I’ve always liked grilse. The way that even a 3lb grilse (ie a small one) ‘counts’ as a salmon (it is a sexually mature fish). And grilse have often saved the day or week’s fishing for me and I love’em for that.
I make the observation because the fish close-up on the header of my (drumroll) salmon adventure here – is a grilse. It did occur to me whether I shouldn’t instead have a decent sized ‘low-double’ (I never seem to catch salmon bigger than that but that’s another story!) instead.
But I put it up there because it’s a decent photo taken on a hi-res camera by Norwegian Flyfishers Club’s Thies Reimers. It’s also good that we were able to slip the fish back into the waters of the Gaula straight afterwards.
I always like Charlie White of Roxtons’ comment aimed towards those who point out that the salmon running the River Varzuga tend to be smaller fish – well smaller, that is, than the 30- and even 40-pounders of the north Kola rivers. Charlie said: “It can be good fun catching 12lb grilse.” Actually Brian Fratel caught a 19lber during our first week of the season on that river this year and bigger fish were caught on upper river beats around the Pana area in subsequent weeks.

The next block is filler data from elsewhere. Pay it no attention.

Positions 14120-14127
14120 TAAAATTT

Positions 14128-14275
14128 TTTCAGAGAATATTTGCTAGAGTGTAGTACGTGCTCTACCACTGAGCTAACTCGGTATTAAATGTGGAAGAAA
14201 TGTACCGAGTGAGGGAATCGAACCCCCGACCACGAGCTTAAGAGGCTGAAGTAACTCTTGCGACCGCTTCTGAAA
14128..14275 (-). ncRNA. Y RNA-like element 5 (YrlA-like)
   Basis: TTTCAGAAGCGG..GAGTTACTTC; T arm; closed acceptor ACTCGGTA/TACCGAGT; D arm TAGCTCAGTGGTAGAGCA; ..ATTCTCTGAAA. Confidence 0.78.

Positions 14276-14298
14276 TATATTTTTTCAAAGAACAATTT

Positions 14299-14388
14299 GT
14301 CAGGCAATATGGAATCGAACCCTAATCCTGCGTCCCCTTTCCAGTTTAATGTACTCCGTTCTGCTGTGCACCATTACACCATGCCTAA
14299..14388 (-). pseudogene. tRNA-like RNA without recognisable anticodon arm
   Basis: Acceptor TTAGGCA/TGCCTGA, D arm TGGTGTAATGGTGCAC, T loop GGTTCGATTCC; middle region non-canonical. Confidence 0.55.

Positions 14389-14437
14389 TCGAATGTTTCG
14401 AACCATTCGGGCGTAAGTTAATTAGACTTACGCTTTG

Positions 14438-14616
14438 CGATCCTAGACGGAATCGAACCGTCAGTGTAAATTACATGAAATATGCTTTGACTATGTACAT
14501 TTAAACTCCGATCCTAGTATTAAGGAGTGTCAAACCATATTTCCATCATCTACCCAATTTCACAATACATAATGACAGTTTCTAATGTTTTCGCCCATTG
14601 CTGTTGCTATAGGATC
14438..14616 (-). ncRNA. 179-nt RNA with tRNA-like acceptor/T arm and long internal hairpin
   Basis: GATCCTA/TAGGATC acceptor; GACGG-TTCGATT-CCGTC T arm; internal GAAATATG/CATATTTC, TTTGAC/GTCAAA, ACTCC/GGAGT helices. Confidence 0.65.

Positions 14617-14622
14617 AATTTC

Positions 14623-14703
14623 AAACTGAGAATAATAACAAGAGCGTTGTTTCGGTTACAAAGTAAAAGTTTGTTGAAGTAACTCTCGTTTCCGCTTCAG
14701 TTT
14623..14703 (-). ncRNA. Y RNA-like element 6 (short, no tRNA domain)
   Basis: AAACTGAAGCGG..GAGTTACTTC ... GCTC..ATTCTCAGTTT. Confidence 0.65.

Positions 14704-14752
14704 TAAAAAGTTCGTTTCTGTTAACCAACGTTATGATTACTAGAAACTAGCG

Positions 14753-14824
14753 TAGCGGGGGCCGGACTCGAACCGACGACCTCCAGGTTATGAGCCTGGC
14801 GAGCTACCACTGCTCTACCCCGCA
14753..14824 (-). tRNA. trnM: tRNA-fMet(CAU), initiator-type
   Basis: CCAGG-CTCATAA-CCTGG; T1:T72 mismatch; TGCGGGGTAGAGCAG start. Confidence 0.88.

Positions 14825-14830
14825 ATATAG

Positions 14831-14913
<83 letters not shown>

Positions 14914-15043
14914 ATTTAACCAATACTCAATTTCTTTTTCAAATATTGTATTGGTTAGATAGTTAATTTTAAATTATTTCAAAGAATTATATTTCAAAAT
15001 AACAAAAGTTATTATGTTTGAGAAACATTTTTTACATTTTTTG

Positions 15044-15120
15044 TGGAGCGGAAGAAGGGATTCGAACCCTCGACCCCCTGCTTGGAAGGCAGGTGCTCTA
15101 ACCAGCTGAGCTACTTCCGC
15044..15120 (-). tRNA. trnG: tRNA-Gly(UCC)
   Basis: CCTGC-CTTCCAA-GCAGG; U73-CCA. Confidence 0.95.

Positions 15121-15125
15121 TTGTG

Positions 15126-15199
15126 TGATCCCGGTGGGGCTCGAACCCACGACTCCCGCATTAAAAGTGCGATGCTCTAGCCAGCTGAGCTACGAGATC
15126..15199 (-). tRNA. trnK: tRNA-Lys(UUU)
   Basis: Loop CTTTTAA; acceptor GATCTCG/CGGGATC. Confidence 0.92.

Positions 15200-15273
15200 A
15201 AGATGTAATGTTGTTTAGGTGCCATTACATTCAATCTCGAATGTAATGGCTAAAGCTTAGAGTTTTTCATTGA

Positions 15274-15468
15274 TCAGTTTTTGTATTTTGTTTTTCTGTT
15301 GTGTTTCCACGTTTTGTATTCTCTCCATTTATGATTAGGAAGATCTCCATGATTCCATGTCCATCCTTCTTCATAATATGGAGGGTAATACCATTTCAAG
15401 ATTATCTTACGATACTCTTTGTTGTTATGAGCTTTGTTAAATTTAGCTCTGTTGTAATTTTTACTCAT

And back to those Gaula grilse – NFC chairman Manfred Raguse told me how incredibly unlikely the run of four grilse was – “Henry, it would be much easier for you to hook a medium sized or a very big salmon.” Hmm, how to respond to that but it’s true: the 2011 Gaula season showed a tiny grilse run in relative terms with a rod catch of 52 per cent large fish over 7 kg/ 15 ½ lb; 44 per cent medium sized salmon and the grilse class of 2011 – of which our little chap on the header above formed part – was only 3.3 per cent.